In this, as in much else about the play, it struck me that the piece is easily as much about theatre itself, as it is about culture, about apocalypses, and certainly maybe even more than it is about the flimsy distinctions between “high-” and “low-” cultures – Although one point that we could very easily take away from the play is – contra the dismissive and frightened reviewers’ point that The Simpsons can’t hold a candle to Homer (the Illiad one) – is that much of our culture might all be a terrible misunderstanding, and we now use deep, posh voices to read in hushed tones stuff that might very well have been considered populist, or even sub-par, at its inception.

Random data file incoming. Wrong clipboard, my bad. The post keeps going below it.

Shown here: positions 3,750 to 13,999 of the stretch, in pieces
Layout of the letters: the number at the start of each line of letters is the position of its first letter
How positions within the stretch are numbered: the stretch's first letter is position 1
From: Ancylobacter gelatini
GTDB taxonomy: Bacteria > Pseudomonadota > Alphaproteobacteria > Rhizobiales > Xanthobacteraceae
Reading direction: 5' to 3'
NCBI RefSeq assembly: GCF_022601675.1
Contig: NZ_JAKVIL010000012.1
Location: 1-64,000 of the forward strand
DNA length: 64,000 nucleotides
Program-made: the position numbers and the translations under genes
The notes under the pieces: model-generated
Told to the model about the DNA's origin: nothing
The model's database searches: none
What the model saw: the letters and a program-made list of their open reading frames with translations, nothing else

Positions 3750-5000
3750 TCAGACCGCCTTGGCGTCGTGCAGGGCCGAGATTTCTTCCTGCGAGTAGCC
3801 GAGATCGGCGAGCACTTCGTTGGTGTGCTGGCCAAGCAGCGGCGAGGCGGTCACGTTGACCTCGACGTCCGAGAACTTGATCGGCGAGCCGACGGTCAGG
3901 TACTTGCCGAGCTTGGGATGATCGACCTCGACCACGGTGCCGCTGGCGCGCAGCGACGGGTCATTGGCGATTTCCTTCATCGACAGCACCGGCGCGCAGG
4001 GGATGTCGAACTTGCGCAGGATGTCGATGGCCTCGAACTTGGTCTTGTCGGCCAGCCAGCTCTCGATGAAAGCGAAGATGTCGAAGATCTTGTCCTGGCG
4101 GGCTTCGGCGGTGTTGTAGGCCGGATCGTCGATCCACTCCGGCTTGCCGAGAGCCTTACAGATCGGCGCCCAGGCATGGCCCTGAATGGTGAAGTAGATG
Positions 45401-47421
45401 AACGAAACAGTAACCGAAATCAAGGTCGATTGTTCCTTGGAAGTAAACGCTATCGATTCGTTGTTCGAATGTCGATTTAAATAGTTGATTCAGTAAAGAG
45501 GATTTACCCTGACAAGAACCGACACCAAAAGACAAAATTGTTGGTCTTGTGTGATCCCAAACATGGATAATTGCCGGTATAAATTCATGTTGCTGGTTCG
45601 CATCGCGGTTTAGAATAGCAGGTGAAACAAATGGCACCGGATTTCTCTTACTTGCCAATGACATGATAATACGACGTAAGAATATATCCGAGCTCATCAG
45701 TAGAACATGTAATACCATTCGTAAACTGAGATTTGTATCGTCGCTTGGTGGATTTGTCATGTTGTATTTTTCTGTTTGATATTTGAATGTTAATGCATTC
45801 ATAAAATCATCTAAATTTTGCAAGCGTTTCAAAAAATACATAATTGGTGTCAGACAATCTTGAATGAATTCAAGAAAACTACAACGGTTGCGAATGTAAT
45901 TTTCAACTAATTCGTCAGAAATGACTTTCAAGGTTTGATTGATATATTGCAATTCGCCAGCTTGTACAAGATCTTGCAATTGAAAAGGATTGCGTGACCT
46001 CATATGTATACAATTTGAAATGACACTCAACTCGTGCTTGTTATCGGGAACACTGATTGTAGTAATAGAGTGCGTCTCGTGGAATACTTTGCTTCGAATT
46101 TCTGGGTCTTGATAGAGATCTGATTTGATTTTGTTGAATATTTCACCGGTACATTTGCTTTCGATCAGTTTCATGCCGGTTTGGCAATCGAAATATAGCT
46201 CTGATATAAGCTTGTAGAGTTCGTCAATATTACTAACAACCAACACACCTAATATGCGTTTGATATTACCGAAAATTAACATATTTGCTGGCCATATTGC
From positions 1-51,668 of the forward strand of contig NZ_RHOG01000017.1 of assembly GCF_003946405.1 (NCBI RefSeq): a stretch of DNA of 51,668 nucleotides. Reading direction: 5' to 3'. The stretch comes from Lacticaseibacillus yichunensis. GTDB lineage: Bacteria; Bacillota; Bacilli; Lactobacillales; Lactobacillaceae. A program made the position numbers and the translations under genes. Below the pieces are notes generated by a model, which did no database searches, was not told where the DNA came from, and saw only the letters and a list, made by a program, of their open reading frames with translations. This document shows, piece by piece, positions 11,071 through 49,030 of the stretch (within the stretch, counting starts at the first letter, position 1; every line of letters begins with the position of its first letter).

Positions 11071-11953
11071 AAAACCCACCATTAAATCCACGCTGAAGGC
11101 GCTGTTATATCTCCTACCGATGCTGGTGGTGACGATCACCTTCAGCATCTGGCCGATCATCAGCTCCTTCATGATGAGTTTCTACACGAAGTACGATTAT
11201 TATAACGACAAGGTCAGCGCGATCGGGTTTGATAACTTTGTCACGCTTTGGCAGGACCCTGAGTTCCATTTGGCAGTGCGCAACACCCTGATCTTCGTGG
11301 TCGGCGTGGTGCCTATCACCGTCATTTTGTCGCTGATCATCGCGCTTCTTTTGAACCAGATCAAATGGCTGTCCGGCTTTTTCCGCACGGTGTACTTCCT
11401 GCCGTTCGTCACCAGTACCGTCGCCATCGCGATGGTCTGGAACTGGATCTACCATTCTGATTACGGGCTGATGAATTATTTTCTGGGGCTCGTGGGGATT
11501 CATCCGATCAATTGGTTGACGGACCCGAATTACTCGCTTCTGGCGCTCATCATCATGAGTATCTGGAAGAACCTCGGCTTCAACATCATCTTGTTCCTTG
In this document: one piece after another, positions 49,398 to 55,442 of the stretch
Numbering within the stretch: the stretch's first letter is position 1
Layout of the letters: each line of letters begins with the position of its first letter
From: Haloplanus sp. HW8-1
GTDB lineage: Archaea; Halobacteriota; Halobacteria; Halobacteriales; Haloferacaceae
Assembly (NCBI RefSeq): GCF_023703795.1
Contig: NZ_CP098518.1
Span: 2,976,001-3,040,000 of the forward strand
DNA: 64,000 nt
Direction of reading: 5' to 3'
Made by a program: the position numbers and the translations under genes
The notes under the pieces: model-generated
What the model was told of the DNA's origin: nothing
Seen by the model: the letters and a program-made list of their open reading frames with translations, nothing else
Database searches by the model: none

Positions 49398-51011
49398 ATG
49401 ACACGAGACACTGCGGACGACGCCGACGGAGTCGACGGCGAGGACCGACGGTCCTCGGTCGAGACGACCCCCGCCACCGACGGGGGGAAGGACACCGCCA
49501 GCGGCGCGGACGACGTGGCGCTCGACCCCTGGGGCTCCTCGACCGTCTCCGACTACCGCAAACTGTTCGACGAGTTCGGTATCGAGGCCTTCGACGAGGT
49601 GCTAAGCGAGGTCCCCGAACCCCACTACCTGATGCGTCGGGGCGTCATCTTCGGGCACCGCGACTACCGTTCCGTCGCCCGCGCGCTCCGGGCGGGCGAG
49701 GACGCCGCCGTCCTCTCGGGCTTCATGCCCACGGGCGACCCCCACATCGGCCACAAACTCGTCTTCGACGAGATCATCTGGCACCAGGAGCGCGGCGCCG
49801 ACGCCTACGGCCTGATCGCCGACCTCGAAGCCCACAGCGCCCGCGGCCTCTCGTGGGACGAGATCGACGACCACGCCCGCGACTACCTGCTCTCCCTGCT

The escalation of the performance as it goes from camp fire, to amateur troupe, to preposterous-from-the-outside operatic spectacle could also easily be argued either as a fair assessment of the history of theatre, or of story, or equally as a metaphor for the way that “high” art happens. I mean, Christ, in a way you could take it as a history of the way that the Delta blues of 1920s America had, over the course of 80 years, evolved into the grotesque, mad pageants of stadium rock.

I’m now wondering if the gaudiness of the final scene isn’t maybe partly intended by Scutt and Icke as a (perhaps slightly reactionary) suggestion that “isn’t it a shame that we can never retain the camp fire simplicity the the early days?” Maybe that’s an over-read too far, but it’s definitely a possible reading.